Travelling overseas and meeting the local artists is a crucial part of Shani Pillai and Joji Jacob’s working lives.  Covid-19 put a sharp halt to that but enabled this energetic and enterprising couple to undertake ‘spurts of travel’, to parts of NZ they had never visited.  They also took the opportunity to meet artists, particularly the ones who have arrived from other countries to settle and work in NZ.  Meeting the artists and understanding their creative process is when the art is given ‘a soul’ and ‘all works of art have a slice of the artist’s life within them.’

This event focused on three of the artists they interviewed who are all based in Christchurch and its surrounds.  The multi-media presentation took us on a brief visual trip to each artist’s country of origin, followed by a filmed conversation with the artist to learn about ancestry and heritage that finds expression in the finished art.

Koji Miyazaki is a jeweller, originally from Kyushu Island, South-west Japan.  He studied jewellery design in Tokyo.  Arriving in NZ with a scholarship to study English, he now works from his gallery in Christchurch.  The beauty of nature, cherry blossom and ginkgo influence his work.  He is constantly experimenting and exhibitions ‘push me to create’.  Bamboo, fibre from Japan and pieces of chopstick find a place in his creations.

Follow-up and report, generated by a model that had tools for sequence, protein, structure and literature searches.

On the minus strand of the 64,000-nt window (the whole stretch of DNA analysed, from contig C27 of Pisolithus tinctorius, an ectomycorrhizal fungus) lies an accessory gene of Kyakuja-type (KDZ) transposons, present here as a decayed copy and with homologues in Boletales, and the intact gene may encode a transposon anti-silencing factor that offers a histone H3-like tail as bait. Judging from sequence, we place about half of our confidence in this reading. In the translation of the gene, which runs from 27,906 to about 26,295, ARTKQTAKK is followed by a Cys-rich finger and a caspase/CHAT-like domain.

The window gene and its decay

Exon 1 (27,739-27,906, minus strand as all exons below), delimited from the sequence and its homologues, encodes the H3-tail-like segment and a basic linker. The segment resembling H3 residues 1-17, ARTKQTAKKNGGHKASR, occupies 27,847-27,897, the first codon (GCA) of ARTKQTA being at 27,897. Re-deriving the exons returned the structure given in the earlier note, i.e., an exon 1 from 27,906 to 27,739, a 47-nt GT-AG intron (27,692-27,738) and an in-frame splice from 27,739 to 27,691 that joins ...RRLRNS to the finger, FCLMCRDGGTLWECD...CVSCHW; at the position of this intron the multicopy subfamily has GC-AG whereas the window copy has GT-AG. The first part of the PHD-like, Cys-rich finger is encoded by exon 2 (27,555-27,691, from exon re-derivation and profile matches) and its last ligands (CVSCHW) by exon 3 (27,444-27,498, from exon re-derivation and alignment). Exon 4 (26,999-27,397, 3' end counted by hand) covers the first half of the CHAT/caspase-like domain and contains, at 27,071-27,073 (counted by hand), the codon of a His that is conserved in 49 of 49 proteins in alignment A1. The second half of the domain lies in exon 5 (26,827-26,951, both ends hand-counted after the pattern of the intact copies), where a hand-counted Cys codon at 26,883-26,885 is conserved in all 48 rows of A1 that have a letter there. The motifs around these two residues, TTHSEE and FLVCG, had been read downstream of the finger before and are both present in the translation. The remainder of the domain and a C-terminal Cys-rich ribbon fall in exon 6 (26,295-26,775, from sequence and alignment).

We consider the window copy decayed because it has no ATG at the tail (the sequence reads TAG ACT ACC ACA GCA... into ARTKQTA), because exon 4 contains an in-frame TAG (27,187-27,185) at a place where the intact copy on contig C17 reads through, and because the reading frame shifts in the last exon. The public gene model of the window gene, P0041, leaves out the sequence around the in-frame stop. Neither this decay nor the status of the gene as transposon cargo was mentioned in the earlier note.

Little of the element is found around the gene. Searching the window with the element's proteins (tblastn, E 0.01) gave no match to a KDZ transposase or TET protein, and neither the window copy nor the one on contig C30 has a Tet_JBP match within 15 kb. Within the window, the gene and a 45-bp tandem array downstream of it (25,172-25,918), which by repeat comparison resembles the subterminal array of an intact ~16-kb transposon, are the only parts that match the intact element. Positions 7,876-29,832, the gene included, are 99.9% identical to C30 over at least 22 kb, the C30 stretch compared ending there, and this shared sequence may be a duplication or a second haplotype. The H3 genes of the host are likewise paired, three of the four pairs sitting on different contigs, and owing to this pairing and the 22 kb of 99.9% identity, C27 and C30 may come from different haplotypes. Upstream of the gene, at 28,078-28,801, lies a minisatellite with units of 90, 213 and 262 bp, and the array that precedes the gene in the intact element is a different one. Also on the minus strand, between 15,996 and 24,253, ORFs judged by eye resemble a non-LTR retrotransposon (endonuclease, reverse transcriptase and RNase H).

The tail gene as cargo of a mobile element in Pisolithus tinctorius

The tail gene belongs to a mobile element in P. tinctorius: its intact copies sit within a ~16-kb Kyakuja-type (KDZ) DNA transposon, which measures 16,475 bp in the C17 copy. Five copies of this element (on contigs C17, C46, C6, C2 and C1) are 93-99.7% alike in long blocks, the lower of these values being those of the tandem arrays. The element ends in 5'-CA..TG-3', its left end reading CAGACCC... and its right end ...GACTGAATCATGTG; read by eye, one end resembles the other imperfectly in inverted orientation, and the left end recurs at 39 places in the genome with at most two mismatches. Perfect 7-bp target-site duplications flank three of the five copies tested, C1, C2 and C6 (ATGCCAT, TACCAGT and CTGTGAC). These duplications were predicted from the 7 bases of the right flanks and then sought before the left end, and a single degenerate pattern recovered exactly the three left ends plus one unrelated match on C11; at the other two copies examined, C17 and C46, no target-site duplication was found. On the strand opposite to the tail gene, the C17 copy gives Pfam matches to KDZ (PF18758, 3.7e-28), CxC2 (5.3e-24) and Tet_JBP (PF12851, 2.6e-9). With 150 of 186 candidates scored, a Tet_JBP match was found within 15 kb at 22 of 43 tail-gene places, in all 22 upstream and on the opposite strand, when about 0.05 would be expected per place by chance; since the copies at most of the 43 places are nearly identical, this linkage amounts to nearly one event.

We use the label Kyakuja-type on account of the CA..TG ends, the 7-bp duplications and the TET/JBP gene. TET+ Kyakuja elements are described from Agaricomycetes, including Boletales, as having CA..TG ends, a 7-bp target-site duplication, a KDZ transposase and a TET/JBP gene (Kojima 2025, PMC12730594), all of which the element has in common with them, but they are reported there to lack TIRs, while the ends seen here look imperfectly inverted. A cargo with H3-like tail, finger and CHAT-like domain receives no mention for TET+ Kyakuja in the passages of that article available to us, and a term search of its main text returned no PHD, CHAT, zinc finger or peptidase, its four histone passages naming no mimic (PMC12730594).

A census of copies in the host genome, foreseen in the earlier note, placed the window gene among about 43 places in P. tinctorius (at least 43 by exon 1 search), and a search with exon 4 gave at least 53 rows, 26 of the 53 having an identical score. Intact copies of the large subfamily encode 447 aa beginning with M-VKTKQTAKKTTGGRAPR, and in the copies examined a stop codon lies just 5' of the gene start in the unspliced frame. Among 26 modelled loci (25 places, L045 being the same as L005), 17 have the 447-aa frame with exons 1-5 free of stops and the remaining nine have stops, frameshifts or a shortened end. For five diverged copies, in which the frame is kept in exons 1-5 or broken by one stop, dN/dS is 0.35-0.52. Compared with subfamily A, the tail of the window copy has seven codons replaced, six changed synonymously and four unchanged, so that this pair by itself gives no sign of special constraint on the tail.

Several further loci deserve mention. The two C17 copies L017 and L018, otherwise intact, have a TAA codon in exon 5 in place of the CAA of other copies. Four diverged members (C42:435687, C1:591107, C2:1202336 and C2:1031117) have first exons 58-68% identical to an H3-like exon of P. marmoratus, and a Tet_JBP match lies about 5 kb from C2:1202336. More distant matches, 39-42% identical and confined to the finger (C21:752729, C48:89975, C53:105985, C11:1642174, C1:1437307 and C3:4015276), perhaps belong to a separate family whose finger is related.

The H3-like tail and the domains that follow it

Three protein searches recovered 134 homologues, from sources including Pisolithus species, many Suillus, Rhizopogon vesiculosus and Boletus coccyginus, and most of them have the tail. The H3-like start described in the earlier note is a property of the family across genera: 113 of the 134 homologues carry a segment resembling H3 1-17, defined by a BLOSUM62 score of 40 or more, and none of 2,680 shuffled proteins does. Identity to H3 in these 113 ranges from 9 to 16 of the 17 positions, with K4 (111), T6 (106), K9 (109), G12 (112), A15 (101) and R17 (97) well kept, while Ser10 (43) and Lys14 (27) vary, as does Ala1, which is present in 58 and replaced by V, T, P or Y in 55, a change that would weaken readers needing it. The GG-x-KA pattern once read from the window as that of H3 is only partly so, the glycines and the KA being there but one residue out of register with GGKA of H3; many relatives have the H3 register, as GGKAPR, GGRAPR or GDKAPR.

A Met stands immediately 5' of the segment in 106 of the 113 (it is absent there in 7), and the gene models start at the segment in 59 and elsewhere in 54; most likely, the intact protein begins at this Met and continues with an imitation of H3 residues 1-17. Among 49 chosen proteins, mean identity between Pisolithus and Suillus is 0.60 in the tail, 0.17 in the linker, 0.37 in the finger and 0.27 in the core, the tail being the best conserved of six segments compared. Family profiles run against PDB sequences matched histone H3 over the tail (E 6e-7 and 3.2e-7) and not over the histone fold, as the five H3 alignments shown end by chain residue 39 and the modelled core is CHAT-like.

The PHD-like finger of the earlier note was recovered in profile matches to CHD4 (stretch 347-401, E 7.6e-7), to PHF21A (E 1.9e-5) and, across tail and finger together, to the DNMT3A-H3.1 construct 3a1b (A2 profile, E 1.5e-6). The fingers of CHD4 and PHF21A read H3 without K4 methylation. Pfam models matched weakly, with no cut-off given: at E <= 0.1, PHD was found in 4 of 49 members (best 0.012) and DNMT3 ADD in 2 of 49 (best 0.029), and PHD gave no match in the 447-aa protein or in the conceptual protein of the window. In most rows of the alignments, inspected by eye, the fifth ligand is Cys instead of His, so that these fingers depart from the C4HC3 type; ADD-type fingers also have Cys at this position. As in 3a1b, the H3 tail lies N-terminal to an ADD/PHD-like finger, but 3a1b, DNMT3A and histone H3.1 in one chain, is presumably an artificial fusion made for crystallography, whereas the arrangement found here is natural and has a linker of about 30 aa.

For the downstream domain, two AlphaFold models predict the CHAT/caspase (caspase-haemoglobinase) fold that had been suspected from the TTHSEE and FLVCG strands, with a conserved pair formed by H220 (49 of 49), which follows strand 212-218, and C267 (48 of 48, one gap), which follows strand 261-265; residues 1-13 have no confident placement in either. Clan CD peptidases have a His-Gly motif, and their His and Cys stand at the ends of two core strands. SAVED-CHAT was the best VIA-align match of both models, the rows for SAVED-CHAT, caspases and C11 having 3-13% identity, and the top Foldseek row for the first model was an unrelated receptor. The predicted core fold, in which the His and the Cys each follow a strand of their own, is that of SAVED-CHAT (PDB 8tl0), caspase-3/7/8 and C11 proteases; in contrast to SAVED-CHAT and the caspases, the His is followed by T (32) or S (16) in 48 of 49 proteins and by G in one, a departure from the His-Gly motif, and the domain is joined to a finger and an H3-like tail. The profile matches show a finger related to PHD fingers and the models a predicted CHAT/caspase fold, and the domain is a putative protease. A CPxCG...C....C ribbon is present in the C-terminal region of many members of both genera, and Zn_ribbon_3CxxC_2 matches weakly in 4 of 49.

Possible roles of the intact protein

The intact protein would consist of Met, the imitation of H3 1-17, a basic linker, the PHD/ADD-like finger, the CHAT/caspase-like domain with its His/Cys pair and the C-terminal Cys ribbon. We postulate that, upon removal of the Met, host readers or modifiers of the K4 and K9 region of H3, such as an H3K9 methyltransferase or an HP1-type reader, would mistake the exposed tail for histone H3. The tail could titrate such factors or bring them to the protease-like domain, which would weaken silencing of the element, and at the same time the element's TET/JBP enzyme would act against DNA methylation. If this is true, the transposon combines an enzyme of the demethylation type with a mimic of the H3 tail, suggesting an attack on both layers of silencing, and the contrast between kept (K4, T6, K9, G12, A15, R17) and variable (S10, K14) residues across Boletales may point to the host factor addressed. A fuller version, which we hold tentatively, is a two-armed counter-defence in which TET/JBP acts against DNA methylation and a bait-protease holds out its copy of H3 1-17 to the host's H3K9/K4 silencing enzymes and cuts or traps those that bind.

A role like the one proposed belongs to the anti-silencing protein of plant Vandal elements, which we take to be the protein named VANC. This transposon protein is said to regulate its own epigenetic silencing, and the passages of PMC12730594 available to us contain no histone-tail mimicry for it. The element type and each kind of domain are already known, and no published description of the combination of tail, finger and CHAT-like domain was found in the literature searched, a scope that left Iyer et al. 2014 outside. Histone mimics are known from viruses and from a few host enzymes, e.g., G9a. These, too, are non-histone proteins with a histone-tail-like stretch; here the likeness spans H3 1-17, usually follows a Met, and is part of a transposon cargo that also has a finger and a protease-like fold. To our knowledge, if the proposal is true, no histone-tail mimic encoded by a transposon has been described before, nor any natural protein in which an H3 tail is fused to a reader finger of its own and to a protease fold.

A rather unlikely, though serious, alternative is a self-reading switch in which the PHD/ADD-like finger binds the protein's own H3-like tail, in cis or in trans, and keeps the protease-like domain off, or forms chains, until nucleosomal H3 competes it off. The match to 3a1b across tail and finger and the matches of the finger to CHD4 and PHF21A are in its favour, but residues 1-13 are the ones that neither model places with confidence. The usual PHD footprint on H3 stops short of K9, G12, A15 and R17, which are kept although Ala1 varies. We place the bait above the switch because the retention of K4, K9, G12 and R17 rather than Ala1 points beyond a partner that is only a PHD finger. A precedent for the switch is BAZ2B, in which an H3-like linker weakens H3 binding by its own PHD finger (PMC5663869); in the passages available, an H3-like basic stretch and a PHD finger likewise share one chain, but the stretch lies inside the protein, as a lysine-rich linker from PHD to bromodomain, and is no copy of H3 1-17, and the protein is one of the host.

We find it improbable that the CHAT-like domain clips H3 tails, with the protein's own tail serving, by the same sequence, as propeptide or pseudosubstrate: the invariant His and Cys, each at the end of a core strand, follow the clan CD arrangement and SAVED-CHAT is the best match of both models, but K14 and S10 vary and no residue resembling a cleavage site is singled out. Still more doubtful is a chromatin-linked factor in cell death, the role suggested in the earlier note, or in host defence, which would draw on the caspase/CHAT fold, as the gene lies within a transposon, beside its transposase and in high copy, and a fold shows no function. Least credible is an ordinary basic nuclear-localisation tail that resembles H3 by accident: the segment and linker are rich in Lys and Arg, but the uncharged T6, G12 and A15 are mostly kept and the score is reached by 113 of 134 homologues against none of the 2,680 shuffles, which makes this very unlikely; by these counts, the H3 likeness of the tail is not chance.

Sudi Dargipour is Iranian – from Isfahan, where she studied textile design. She is currently employed by Dilana Rugs Ltd.  As a designer, she sees herself as the bridge between the idea and its execution.  This is ‘definitely art’, she insists.  She has collaborated with other artists such as Darren George and Reuben Paterson.  She embraces culture and understands the psychology of colour.  Maori culture fascinates her – ‘the geometric patterns, (like tukutuku), are similar to Persian ones’.

Tamar Guse has Israeli and German heritage.  She spent her childhood and teenage years in NZ.  She returned to Israel for some time but has now resettled in NZ.  Basket weaving helped her regain her sense of identity when becoming a new mother.  Her weaving has moved to the sculptural –amazing shapes using driftwood and pinecones.  Tamar also teaches basket weaving and has planted a willow grove in her garden.

Shani and Joji delivered another enjoyable and well-prepared talk. The display of traditional artefacts (loaned by embassies, Anna Williams and Ann Hodson) was an additional attraction.

Dorothy Corry
Member